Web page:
At last week’s RSA Conference (RSAC), a number of vendors and the media were focused on artificial intelligence (AI). Moving forward, we need to take a reality check on AI because it’s such a large, broad topic and there are so many different levels of AI.
The AI that’s available today functions just a few steps above automation. It's about using algorithms and machine learning and natural language processing.
So, people shouldn’t think that all of a sudden machines will come to life and think for themselves. That's an AI that's still far away. We will get to a place where our machines can think for themselves, but right now we’re just at the tipping point.
We're really focusing on automating repetitive tasks, getting information much more quickly, and making faster decisions. So, we're really talking about assisted intelligence, getting information humans can't process as quickly. And that lets humans make more vital decisions faster.
AI programs like ChatGPT are now used to help create outlines and templates for some code that users can then go and customize and personalize. It’s almost like a predictive coding or predictive chat. And that's really the next level.
But adversaries – cyber attackers – also use AI. These applications can collect and process personal data much faster than a human can to socially engineer smarter, more clickable phishing emails. They're also using it to create malware more efficiently.
Security professionals use AI to analyze data so they can make critical decisions faster, to create multiple examples of security strategies and best practices, write better reports, and to automate as many tasks as possible. The more we can reduce wasted time through automation, the more efficient we become.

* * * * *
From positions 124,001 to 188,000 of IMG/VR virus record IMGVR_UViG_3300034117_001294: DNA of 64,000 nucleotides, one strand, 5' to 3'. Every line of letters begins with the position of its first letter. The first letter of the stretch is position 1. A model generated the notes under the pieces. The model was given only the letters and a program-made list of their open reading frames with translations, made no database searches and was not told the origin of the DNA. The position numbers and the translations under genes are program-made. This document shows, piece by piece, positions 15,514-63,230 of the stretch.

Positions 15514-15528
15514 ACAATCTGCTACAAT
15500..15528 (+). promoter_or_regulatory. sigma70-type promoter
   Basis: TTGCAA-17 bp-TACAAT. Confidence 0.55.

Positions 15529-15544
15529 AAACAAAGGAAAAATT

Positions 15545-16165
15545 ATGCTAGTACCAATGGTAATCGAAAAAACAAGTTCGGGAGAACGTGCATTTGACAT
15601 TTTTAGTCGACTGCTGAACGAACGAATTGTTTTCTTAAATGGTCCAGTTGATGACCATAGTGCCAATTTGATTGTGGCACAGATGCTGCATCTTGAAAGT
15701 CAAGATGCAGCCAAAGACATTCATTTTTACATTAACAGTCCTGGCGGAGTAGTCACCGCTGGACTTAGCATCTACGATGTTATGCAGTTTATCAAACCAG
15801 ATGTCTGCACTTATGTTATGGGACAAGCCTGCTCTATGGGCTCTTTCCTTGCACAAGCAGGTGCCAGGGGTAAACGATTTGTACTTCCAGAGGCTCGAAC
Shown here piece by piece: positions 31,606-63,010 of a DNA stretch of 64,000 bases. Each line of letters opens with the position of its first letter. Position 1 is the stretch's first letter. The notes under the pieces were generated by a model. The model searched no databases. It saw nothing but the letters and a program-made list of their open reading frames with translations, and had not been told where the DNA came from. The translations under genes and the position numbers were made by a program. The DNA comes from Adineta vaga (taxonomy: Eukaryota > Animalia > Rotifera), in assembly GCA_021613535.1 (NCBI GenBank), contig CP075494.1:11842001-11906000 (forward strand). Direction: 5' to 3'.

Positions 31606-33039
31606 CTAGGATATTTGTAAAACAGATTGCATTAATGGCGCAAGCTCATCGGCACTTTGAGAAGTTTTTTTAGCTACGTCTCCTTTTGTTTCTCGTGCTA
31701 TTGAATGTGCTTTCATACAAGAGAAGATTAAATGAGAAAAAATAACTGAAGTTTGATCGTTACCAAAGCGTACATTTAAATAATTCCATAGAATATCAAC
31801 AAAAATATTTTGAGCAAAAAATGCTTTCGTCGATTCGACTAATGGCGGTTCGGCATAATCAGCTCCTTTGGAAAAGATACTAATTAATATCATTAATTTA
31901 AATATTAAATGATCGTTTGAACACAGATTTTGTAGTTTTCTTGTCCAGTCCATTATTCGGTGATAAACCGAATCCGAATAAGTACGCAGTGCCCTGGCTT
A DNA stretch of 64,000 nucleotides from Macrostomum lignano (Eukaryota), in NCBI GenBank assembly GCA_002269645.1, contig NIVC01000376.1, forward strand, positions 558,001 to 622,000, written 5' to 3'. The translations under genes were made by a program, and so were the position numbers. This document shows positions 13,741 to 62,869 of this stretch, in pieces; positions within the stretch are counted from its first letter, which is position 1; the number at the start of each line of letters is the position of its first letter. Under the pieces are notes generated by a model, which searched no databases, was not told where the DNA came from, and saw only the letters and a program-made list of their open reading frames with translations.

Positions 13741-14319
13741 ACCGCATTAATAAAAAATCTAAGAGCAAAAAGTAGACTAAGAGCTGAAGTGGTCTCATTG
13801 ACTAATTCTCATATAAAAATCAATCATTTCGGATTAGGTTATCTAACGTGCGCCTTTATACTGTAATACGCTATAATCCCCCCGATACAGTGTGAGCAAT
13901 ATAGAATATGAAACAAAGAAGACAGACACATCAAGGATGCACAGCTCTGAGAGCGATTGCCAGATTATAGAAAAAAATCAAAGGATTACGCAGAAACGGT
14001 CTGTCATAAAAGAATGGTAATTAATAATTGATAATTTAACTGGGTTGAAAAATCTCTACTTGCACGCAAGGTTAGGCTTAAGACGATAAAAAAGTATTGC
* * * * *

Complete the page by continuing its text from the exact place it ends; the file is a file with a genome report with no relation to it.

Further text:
As with all technologies and innovations, they can be used for both good and bad intentions. Good AI helps employees make faster, better-informed decisions. And, when an action gets performed once, AI will make those tasks repeatable, using intelligence to adapt based on machine learning and context.
A look ahead
So while attackers are using AI, at the core, it's no different from most existing attacks today. And, frankly, I don’t think that it's a priority for businesses right now. They are looking at it, they're checking it out, but the reality and priority are not aligned to the hype we saw on the RSAC show floor with some vendors. Ultimately, it's still really about cybersecurity basics, the simple tasks such as cyber training, phishing reporting, and using MFA.
One of the many benefits I derived from RSAC were the constructive conversations around how to communicate more effectively to the executive team and the board. That was a big topic on the first day and I attended many sessions that challenged me to think about understanding the board's perspective, what issues they prioritize. I also learned more about how to convert technical jargon into business outcome decisions, and that's what a lot of CSOs and CISOs are really looking for.
Another takeaway for me was around cloud security. Many organizations have accelerated their cloud transformation over the last few years. They're adopting cloud services, have much compute power and they're looking to adopt and build that much faster, but they're behind in security. They've done it in haste, and they already have technical debt, and now they're trying to catch up and they realize that just shifting what they do on-premises into the cloud doesn't work. It's more expensive, it's difficult, and it may reduce both security and efficiency in the cloud. So, we're really looking at cloud-native security solutions to protect both public and private cloud environments. I think many organizations really want to do better and want to learn best practices for cloud security.
Finally, there was a lot of talk about cyber insurance and trying to understand how it works. I think many business and security leaders think that cyber insurance can function as an alternative to security, but it's not. It's a financial safety net for security when bad things happen. But the insurance companies are struggling to quantify cyber risk, to get that data. They reduce risk today by increasing prices to reduce their exposure until they better understand the right moves to make that can reduce the risk for the organizations that they insure.
Overall, RSAC was a great conference that brings people together to share knowledge, experiences, and lessons learned to help make the digital world a safer place.
Joseph Carson, chief security scientist and Advisory CISO, Delinea